I almost thought this recipe would be too simple but the sausage provides more than enough flavor. I made the sauce two days ahead of time, then I just heated it up when I cooked the pasta and threw it all together on the night we ate it. It wasn't complicated but it was very good.
Well I can tell you now that the real reason I've been slacking off around here isn't the holidays but instead sheer exhaustion from making a baby. By July 4th, there will be another mouth to feed around here! I'm trying to keep up as best I can but I can tell you there has been at least one Stouffer's family entree on the table recently.
Posting will be sparse since I'm making mostly repeat Christmas cookie recipes this year, if I can even scrounge up the energy to do that.
Monday, December 17, 2007
I won't include the recipe because the first candy I attempted to make this holiday didn't turn out anywhere near to how it should have and it was all my fault.
Well actually I can tell you the recipe, it was just 1 cup sugar, 1 cup dark corn syrup, 1 tablespoon vinegar cooked without stirring to 300 degrees and then stir in 1 tablespoon baking soda. Pour into buttered 13x9 pan (don't spread, it won't fill the pan completely), then crack into pieces when cool and dip in chocolate.
This was similar to a Nigella recipe which uses honey but her recipe just boils 3 minutes. My candy thermometer is wonky and I got impatient and didn't wait for it to get to 300 degrees (it had been cooking way longer than 3 minutes) so instead of crunchy light candy I got chewy, Bit-O-Honey- like candy, without the honey and almonds. Not that bad really but not quite as flavorful at Bit-O-Honey.
I wrapped the candy in wax paper but I'm not sure if it will end up with my treat packages. I don't want to be sued for dental work. It's not any more chewy than Bit-O-Honey, Mary Janes or some types of taffy but I'm not sure what people would be expecting when they bite into this.
I was ready to call it a day but after cleaning up I decided to go ahead and start my Chocolate-Dipped Caramels. They came out perfect this year. I overcooked them last year but they were just right this year. You know what the secret was? I remembered to turn on some Christmas music, something I forgot to do when I tried to make the other candy. I put on my favorite Christmas CD that my online friend Tammy burned for me for a Christmas swap a few years ago and all was right.
It's going to be a crazy week so I probably won't be around every day. I'm sure a lot of my readers won't either. I can't believe it's almost Christmas!
Question of the Day: What is your favorite Christmas CD?
Friday, December 14, 2007
Skillet Chili Mac
The America’s Test Kitchen Family Cookbook Copyright 2006
3 tablespoons vegetable oil
1 pound ground beef I used ground turkey
1 onion, chopped medium
1 red bell pepper, stemmed, seeded and chopped medium
4 garlic cloves, minced
1 tablespoon chili powder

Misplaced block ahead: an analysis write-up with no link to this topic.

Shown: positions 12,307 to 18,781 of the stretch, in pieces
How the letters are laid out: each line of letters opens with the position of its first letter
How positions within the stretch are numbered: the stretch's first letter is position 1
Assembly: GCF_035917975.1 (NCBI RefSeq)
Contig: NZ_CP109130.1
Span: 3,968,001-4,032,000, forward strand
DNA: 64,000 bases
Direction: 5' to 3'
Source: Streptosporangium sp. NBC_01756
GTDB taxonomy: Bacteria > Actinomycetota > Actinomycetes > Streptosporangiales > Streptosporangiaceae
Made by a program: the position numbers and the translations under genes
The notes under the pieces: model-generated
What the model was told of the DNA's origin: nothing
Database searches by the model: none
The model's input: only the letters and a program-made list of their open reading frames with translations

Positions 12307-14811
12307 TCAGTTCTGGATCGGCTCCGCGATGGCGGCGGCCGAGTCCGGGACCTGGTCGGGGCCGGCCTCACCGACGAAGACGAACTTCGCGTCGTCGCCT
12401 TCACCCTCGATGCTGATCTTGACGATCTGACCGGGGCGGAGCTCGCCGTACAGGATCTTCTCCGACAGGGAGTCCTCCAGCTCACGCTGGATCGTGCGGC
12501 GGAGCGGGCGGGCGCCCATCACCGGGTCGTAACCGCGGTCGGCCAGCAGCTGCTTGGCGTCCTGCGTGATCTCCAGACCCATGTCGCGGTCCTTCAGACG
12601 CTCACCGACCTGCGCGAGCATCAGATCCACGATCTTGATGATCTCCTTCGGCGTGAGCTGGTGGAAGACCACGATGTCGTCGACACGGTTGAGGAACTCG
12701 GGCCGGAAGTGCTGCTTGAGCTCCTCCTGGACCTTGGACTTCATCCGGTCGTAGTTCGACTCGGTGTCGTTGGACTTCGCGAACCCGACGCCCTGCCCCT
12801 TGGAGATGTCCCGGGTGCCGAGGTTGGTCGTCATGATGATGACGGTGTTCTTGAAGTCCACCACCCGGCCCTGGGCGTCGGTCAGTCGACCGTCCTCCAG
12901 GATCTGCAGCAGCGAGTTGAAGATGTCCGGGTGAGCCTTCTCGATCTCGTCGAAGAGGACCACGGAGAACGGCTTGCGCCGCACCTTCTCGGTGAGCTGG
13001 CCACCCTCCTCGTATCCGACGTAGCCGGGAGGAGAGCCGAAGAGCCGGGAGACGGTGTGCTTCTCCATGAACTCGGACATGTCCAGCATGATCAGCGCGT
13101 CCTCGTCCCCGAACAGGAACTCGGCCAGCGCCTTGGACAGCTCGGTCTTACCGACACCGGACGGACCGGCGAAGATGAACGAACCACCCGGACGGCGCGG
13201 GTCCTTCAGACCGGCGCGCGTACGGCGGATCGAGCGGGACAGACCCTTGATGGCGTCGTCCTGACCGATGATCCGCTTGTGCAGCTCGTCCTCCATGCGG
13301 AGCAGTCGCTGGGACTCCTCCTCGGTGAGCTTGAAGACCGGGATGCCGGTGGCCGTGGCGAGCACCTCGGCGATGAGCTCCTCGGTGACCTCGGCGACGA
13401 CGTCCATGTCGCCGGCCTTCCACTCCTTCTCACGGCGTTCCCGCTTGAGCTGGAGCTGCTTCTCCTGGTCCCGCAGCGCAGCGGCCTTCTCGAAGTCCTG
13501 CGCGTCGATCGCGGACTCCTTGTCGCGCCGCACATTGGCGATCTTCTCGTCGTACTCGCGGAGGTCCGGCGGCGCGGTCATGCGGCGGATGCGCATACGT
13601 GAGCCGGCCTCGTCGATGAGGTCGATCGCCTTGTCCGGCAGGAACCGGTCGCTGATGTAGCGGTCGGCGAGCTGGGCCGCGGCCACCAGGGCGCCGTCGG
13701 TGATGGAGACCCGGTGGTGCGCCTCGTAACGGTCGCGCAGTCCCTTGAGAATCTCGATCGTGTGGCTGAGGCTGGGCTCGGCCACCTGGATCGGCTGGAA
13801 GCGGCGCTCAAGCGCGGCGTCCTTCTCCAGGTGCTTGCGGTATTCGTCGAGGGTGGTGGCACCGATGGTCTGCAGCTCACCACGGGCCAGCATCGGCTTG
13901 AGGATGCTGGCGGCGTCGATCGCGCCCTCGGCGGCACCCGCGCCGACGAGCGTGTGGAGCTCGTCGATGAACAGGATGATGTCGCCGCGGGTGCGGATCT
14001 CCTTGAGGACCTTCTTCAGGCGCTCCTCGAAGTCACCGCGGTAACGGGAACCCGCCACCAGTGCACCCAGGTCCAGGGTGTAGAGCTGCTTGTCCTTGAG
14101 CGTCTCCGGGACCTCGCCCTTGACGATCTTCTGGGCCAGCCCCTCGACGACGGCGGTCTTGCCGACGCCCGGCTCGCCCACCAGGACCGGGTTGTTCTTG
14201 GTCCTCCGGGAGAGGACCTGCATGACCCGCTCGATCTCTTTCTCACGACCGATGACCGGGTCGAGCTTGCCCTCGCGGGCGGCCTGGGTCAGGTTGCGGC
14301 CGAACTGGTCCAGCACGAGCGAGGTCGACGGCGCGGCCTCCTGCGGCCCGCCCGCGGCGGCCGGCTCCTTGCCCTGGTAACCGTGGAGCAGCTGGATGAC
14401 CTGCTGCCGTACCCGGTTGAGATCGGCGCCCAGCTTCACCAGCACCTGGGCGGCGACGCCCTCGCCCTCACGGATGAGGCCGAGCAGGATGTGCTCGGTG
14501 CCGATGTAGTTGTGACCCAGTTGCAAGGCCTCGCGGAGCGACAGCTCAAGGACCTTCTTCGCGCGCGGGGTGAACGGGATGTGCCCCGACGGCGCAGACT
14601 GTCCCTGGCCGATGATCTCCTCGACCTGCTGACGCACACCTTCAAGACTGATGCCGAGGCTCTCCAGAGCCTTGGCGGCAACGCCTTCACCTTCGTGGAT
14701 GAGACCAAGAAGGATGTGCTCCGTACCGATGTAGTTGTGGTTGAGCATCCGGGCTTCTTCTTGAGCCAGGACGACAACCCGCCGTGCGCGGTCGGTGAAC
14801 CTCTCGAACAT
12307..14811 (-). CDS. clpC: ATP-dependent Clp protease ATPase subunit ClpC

1 tablespoon cumin I used about 1/2 tablespoon
8 ounces macaroni (2 cups)
1 (14.5 ounce) can diced tomatoes
1 (15-ounce) can tomato puree
1 cup water
1 tablespoon brown sugar
8 ounces Colby cheese, shredded
1. Heat 1 tablespoon of the oil in a 12-inch skillet over medium-high heat until shimmering. Add the beef and cook, breaking up the pieces with a wooden spoon, until no longer pink, about 5 minutes. Drain the beef through a fine-mesh strainer, discarding the fat.
2. Add the remaining 2 tablespoons oil to the skillet and return to medium-high heat until shimmering. Add the onion, bell pepper, and ½ teaspoon salt. Cook until the vegetables are softened, about 5 minutes.
3. Stir in the garlic, chili powder, and cumin and cook until fragrant, about 15 seconds. Stir in the macaroni, tomatoes in their juice, tomato puree, water, brown sugar and drained beef. Cover and bring to a simmer. Reduce the heat to medium-low and continue to simmer, stirring occasionally, until the pasta is tender, about 20 minutes.
4. Season with salt and pepper to taste. Sprinkle the Colby evenly over the top, cover until the cheese melts, about 3 minutes.
This is the cookbook that I recommend most. In fact, it's the only one I ever find myself recommending. I recommend it for beginners or anyone who just wants to start cooking more. Most people will recommend the Joy of Cooking (snore) or Betty Crocker (not bad but I don't have the sentimental attachment to it that many people do) but this is my pick. It's modern, it has detailed instructions, great pictures, a sturdy ring-bound binder design. It's definitely not packed with gourmet recipes (it's a Family Cookbook) but you could find recipes for family or company in this book.
This was great chili mac. I held back on the cumin a bit as I normally do but I think I could have added it all and not minded it. I should trust ATK - they usually know best. Well, I don't always agree with them, that would be odd, but they certainly do put a lot of thought and effort into their recipes and product recommendations.
I missed my regular grocery night due to bad weather. I was prepared but now I have to go a day later and I still don't have my list done. I'm feeling the holiday crunch. Maybe Stouffer's will take over my kitchen next week. Darn, I don't think I have room in my freezer for frozen dinners.
Blast From The Past: Easy Dill Pickles from June 2007. I miss those pickles. I can't wait to get my hand on pickling cukes again.